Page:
Biden Calls On Local Governments To Use Unspent COVID Relief Money On Crime Prevention

·2 min read
US President Joe Biden looks on after landing at Chicago O’Hare International Airport in Chicago, Illinois, on May 11, 2022, after addressing the International Brotherhood of Electrical Workers International Convention.
US President Joe Biden looks on after landing at Chicago O’Hare International Airport in Chicago, Illinois, on May 11, 2022, after addressing the International Brotherhood of Electrical Workers International Convention.

President Joe Biden is asking cities and states to use unspent federal funds from the American Rescue Plan to invest in more cops, crisis responders, and mental health and substance abuse programs to curb crime, NBC News reports. The push comes from a recent Gallup poll where 53% of Americans now say they worry a “great deal” about lawbreaking.

This also follows Biden’s overtures to increase funding for policing in the 2023 budget. Please note that police budgets have increased, especially in cities like Los Angeles and New York, despite the uptick in crime. Things such as the ongoing pandemic, inflation, and the cost of housing are just some reasons why crime has gone up. President Biden will meet today with local elected officials, chiefs of police, and a community violence intervention expert representing U.S. cities that have previously used American Rescue Plan funds.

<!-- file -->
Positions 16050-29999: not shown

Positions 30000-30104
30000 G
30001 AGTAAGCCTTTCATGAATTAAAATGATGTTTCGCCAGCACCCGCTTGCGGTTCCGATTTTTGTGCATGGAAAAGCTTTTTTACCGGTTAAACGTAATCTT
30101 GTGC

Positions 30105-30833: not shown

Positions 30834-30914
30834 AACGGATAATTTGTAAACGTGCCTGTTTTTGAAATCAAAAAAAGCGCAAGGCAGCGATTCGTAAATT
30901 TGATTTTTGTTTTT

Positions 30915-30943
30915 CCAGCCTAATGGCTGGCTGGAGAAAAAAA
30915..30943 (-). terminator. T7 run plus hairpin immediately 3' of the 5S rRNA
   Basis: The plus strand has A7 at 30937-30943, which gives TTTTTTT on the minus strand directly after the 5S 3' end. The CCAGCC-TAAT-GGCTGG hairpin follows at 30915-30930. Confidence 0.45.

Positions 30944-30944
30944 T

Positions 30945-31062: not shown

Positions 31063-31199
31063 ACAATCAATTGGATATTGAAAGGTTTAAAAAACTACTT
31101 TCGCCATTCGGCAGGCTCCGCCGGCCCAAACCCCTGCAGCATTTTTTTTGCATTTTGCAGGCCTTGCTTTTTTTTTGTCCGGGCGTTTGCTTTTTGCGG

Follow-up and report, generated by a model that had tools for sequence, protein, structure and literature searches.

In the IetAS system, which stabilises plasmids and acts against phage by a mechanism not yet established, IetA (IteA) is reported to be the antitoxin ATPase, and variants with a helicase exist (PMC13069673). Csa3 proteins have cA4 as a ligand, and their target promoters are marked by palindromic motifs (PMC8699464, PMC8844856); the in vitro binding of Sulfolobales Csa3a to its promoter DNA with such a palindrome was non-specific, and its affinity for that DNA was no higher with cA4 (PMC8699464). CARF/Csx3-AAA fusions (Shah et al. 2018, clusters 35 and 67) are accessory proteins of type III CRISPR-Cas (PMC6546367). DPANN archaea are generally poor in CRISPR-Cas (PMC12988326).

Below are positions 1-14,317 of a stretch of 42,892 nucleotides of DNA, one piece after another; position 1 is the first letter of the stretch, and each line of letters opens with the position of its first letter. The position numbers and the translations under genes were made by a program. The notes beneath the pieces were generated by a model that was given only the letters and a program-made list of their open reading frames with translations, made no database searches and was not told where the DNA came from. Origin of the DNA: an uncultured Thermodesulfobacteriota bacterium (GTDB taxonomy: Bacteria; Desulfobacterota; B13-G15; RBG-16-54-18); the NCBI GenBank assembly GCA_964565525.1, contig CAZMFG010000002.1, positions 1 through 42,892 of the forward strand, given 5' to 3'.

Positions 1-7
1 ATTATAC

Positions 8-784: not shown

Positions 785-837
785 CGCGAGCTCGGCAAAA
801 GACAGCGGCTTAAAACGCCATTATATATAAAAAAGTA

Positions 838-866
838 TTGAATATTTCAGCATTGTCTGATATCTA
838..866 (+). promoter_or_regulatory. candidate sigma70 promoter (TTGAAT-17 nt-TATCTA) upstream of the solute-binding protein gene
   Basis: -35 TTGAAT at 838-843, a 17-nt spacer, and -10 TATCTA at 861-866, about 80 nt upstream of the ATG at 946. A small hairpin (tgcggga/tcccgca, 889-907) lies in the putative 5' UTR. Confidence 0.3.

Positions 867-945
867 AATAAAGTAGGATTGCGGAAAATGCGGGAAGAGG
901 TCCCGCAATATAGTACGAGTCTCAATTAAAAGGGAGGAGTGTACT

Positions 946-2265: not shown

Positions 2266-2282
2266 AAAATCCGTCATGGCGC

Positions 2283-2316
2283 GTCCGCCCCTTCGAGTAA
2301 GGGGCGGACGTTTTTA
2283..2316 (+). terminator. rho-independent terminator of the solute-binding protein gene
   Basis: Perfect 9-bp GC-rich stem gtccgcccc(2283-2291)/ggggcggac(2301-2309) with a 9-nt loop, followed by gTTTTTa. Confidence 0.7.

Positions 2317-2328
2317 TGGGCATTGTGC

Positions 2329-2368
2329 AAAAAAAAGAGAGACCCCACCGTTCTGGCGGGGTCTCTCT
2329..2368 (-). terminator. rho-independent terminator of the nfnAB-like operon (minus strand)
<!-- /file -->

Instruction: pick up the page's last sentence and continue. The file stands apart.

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From NBC News:

“One of the reasons why the president wants to speak now was both because we are approaching another summer and he wants to stress the priority of using these dollars for public safety and violence prevention,” a senior administration official said in a call with reporters.

$10 billion from the American Rescue Plan, which Congress passed in March 2021, has already been committed to public safety programs, including domestic violence prevention efforts, drug abuse, mental health services, and bonuses for hiring and retaining police officers, the White House said.

The Biden administration also notes that $6.5 billion was allocated in 2021 by 300 localities and more than half of states, including $2 billion for crime prevention programs to ease the burden on police and $1 billion for bonuses to help recruit and retain public safety workers. Many cities would have been forced to cut back on public safety spending because of budget shortfalls after the economic impact of the pandemic without these funds.